The precipitating event(s) for osteomyelitis vary greatly. The prosthetic joint implants and stabilization devices that are increasingly being used in orthopedic surgery are associated with complex infections. Trauma is also a common cause of infection, especially when a wound is involved and there is contamination of bone or surrounding tissue along with significant tissue damage or destruction. Even in the absence of an open wound or a compound fracture, damaged tissue and extravasated blood may slow the circulation, establishing a favorable medium for the growth of bacteria that may reach the area through low-level bacteremia from the peripheral venous circulation or from distal lymphatic channels. Bacteremia—whether due to endocarditis or due to seeding from other sites of infection (e.g., abscesses, boils, or vascular devices)—is also a frequent etiologic factor in osteomyelitis. Studies of S. aureus bacteremia indicate a rate of metastatic osteomyelitis approaching 28% if there is a prosthetic joint in place; S. aureus bacteremia can be complicated by the involvement of methicillin-resistant strains (MRSA), which are progressively replacing strains that are more susceptible to antibiotics. The overlapping circulations of the urinary tract and the spine may be a source of vertebral osteomyelitis due to urinary tract pathogens such as E. coli and Klebsiella. Additional predisposing factors include a poor arterial and venous supply, which may limit perfusion to bone to the point of an inadequate response and poor healing, even in patients with normal function. Host factors such as diabetes and its consequences contribute significantly to the development of osteomyelitis through impaired immunity with hyperglycemia, loss of sensation, vascular disease, and renal failure.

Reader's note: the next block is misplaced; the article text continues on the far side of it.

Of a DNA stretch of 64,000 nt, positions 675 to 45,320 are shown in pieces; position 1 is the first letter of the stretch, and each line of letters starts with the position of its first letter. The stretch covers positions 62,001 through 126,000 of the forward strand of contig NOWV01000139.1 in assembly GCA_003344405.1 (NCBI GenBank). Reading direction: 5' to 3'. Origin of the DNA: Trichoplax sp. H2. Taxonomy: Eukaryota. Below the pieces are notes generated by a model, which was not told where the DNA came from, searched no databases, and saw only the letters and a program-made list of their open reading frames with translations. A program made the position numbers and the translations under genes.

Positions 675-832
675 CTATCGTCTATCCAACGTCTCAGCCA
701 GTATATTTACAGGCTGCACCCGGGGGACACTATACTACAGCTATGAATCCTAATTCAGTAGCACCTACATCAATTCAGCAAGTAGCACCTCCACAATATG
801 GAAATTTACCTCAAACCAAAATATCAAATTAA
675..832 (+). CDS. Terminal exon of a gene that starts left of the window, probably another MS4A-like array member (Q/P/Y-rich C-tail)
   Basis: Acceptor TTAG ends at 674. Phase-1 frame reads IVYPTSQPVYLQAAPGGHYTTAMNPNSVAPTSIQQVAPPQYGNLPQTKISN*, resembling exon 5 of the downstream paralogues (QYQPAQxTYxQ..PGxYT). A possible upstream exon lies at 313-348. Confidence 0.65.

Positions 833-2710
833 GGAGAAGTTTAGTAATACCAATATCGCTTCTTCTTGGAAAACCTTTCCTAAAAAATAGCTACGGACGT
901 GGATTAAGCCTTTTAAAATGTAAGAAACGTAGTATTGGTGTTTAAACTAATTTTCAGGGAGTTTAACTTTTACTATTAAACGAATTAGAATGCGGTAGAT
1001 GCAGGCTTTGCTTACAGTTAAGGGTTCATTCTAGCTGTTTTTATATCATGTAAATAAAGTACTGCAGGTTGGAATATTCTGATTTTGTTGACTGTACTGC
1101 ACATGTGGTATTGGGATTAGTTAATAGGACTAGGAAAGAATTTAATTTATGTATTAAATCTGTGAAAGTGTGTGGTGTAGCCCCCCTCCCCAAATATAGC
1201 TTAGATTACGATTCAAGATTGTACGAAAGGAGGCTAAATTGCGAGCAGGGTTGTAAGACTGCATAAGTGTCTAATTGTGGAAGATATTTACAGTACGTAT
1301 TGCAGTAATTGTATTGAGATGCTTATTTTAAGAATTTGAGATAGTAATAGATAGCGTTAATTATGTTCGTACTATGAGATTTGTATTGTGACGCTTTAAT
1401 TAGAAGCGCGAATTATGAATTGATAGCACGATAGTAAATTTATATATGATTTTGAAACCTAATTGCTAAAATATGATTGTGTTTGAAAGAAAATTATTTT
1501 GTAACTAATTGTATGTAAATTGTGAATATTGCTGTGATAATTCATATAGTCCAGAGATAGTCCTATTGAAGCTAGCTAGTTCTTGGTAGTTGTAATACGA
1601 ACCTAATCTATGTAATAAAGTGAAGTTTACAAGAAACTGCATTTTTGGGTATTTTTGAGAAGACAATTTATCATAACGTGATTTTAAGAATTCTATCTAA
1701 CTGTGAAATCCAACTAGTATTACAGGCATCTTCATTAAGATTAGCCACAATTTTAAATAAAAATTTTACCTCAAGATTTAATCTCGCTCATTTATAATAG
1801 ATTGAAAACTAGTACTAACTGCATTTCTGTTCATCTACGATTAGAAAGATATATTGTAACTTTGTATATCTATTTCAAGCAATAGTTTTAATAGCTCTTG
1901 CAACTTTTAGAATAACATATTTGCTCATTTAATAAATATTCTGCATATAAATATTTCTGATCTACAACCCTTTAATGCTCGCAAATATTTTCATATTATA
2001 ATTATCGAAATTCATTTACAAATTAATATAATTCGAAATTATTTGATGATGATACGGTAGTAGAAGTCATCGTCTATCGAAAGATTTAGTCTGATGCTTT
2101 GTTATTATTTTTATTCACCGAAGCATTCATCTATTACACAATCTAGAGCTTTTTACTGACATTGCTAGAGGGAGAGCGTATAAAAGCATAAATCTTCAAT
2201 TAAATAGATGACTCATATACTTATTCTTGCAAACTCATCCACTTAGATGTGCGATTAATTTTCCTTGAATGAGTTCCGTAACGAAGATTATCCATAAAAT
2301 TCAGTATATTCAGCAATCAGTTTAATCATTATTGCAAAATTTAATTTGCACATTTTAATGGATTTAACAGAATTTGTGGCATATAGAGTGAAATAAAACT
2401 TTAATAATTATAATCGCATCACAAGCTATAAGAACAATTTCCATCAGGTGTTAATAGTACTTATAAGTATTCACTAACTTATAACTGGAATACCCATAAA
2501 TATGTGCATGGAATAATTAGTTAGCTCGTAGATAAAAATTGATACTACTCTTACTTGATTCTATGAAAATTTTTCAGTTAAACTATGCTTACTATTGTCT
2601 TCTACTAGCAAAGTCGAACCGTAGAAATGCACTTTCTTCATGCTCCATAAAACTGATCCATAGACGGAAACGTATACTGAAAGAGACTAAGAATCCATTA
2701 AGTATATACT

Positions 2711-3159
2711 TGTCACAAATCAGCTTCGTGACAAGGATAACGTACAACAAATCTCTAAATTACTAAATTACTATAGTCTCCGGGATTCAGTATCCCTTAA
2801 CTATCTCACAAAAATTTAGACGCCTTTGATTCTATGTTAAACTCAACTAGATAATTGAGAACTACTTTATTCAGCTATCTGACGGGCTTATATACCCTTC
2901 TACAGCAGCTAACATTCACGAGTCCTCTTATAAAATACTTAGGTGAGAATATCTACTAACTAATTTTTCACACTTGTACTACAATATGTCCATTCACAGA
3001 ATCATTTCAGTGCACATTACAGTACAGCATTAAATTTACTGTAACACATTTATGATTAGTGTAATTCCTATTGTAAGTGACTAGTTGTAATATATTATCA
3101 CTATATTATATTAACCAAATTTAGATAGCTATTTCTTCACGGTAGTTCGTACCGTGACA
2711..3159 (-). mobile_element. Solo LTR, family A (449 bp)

In the United States, acute osteomyelitis affects ∼0.1–1.8% of the otherwise healthy adult population. After a foot puncture, 30–40% of adults with diabetes develop osteomyelitis. In this country, there has been a major change in the profile of certain bacterial pathogens, with the emergence of MRSA strains over the last decade. MRSA has become a source of great concern in hospitals, especially after surgery. The morbidity and economic consequences appear to be greater for MRSA osteomyelitis than for osteomyelitis caused by methicillin-sensitive S. aureus strains. However, it is not clear that these poorer outcomes for MRSA are due to new or more destructive virulence factors. Rather, they may simply be the result of a delay in effective antimicrobial treatment.
The types and etiologies of osteomyelitis vary by region and with time. The United States has seen a rise in infections related to the increasing use of orthopedic surgery for correction of deformities and implantation of screws, pins, rods, plates, and prosthetic joints. With the aging of populations and the epidemics of obesity and diabetes in some countries, the frequency of these predisposing factors continues to increase, requiring adaptations in treatment approaches. Any type of instrumentation may lead to infection in a small proportion of cases. Osteomyelitis attributable to orthopedic devices and surgical interventions is considerably less common in countries with limited medical resources, where tuberculosis may be the dominant infection and brucellosis is not unusual. In many of these areas, agricultural injuries, industrial accidents, and war wounds are much more common than in wealthy countries, and the pathogens ...